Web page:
Sunday Political Brunch: Before and After the Storms—January 28, 2018

Sunday, January 28, 2018


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Mark Curtis

This is what I call a “tween” week in politics. We’re between the first anniversary of President Trump’s Inaugural (and a now ended partial government shutdown), and his first State of the Union address. There will be lots of chatter in the days ahead about “what was” and “what might be” to come. Let’s “brunch” on that this week:

“Great Expectations” – I don’t mean to steal the title of a classic novel, but the State of the Union address always seems to sum up that theme. In my lifetime (which dates back to President Eisenhower), I have yet to watch a State of the Union address that ultimately had any significant consequence. Yes, there were some great lines delivered by the likes of John Kennedy, Ronald Reagan and others, but, the speeches were more an exercise in political cheerleading, and less a public policy road map that ever got followed to any great degree. It’s like a Broadway show that opens and closes on the same night – political theater; little more.

“Could 2018 Be Different?” – I suppose so. Let’s face it, the Trump campaign and the administration have tossed out the traditional playbook (and maybe the rule book) of politics as usual. This is also the most controversial and divisive President I can remember, with approval ratings at all-time lows. Despite that, financial markets are booming and we’re in a time of relative peace (the two factors that often boost the popularity of the Commander in Chief). Again Trump, performs to the beat of a different drummer. He ran as an outsider and he remains an outsider; unlike the politically savvy Ronald Reagan who managed the political Houdini act of running as an outsider, albeit fully understanding how to grease the wheels inside the Beltway.

“On the Menu” – Topping the list, I predict he will talk about the state of the economy, and that the December tax cut legislation is already paying dividends to average people (and yes, shareholders, too). As mentioned, financial markets are hot, plus more and more big companies are announcing employee bonuses and pay raises. “Is this a long-term trend, or just a bubble?” we all ask. I bet he will claim ownership of the economy. Immigration will certainly be a focus, and I wonder if this is the moment he will lay out specifics with a bipartisan deal on DACA. Yes, he’ll still demand a border wall, I predict. He’ll probably talk tough on North Korea, and of Jerusalem as the capital of Israel, but I anticipate no big foreign policy decisions. Like Reagan, I expect he will try to appeal directly to the people; not the press and policy makers.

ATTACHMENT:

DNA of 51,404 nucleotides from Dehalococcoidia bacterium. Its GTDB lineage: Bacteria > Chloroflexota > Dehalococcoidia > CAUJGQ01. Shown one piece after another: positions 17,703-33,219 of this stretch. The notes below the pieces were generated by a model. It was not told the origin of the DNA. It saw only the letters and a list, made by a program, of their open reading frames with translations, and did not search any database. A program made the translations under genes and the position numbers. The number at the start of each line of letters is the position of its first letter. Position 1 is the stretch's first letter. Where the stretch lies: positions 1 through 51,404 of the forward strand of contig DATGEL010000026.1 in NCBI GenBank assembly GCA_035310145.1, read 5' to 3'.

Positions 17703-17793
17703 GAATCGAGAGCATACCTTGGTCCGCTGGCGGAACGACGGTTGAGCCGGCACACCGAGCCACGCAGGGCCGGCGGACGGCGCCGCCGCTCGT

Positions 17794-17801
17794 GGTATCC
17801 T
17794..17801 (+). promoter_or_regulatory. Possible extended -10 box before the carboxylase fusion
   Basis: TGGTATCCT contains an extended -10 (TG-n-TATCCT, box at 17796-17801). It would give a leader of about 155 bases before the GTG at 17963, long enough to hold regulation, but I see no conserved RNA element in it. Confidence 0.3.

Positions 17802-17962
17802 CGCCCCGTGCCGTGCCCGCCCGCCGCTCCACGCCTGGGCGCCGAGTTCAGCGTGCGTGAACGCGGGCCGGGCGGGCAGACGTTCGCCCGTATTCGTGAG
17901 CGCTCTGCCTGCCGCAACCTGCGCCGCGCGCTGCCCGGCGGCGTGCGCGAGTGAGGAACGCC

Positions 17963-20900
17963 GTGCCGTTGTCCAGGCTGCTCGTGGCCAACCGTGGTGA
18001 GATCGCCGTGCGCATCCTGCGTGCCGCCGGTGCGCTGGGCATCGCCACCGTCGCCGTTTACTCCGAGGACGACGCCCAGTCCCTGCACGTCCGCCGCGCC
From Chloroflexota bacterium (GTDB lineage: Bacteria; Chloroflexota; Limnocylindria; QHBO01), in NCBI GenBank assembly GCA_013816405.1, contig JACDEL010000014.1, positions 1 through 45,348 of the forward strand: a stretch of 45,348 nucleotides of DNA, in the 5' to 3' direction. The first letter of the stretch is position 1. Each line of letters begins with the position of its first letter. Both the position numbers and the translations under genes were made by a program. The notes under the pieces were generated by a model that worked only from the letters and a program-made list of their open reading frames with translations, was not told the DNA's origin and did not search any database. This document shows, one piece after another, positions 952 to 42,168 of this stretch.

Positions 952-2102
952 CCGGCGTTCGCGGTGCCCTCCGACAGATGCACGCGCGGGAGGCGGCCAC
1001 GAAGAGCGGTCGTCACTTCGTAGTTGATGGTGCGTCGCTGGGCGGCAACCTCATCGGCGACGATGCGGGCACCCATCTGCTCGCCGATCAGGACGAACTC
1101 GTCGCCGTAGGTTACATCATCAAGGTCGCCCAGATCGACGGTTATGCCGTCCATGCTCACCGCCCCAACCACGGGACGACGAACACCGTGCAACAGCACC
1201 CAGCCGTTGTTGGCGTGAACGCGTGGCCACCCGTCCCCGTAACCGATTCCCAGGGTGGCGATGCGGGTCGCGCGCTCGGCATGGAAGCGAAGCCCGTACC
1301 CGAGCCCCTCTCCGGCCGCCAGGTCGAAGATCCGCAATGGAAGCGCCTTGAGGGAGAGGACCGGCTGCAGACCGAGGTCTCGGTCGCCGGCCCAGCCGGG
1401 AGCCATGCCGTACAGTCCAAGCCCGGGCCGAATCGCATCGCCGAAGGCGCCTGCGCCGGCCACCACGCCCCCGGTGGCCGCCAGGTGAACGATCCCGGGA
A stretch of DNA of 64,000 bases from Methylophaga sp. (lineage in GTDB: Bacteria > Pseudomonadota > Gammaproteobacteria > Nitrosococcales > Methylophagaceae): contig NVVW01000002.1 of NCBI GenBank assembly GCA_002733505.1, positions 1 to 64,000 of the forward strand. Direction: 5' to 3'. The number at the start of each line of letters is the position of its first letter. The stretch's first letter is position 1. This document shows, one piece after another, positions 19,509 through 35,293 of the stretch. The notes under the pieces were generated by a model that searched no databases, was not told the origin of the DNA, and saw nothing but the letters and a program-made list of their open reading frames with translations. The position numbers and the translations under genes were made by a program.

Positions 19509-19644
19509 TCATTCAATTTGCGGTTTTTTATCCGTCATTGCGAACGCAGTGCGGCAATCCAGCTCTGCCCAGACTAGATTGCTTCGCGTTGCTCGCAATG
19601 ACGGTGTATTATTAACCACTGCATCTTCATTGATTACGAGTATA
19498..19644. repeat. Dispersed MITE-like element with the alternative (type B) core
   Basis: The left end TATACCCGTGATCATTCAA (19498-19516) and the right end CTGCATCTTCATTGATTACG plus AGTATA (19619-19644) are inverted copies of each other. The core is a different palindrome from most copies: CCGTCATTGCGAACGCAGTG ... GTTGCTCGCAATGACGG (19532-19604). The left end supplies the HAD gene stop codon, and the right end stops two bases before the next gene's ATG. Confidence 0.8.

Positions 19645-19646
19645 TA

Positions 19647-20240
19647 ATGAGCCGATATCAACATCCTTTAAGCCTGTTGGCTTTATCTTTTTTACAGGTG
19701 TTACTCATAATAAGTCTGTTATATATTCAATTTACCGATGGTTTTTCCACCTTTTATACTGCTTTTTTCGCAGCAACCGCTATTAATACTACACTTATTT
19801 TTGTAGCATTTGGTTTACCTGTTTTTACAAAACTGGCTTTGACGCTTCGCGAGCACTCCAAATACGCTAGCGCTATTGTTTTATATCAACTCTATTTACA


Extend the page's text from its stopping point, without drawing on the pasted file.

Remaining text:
“Everything Means Less Than Zero” – Should President Trump channel rock singer Elvis Costello in his speech? I’m serious! One of my favorite Costello lyrics comes from his song, “Less than Zero.” He sings, “Let's talk about the future now, we've put the past away.” While I’m hoping for a more visionary, forward looking State of the Union speech, I worry it’s going to be more of a visitation of old fights. I expect attacks on the “fake news” press, Hillary Clinton and Bernie Sanders, and possibly direct jabs on the policies of former Presidents Obama and Bush II. President Trump isn’t one to let old feuds go. As Senator Lindsey Graham, (R) South Carolina recently characterized him, President Trump is a “street fighter.”

“Waiting in the Wings” – It will be interesting to see camera shots of reactions in the crowd. The State of the Union is often a cameo for would-be Presidents. Thursday is February 1, and honestly the starting gate for the 2020 race for the White House. Watch for reaction shots of not only potential Democratic rivals, but Republicans, too. If you see retiring Senator Jeff Flake (R) Arizona sitting on his hands and not applauding the President with other Republicans, you can bet Flake may be calculating a 2020 primary challenge to take the nomination from Trump. Before the end of February, we will have candidates from both parties visiting New Hampshire.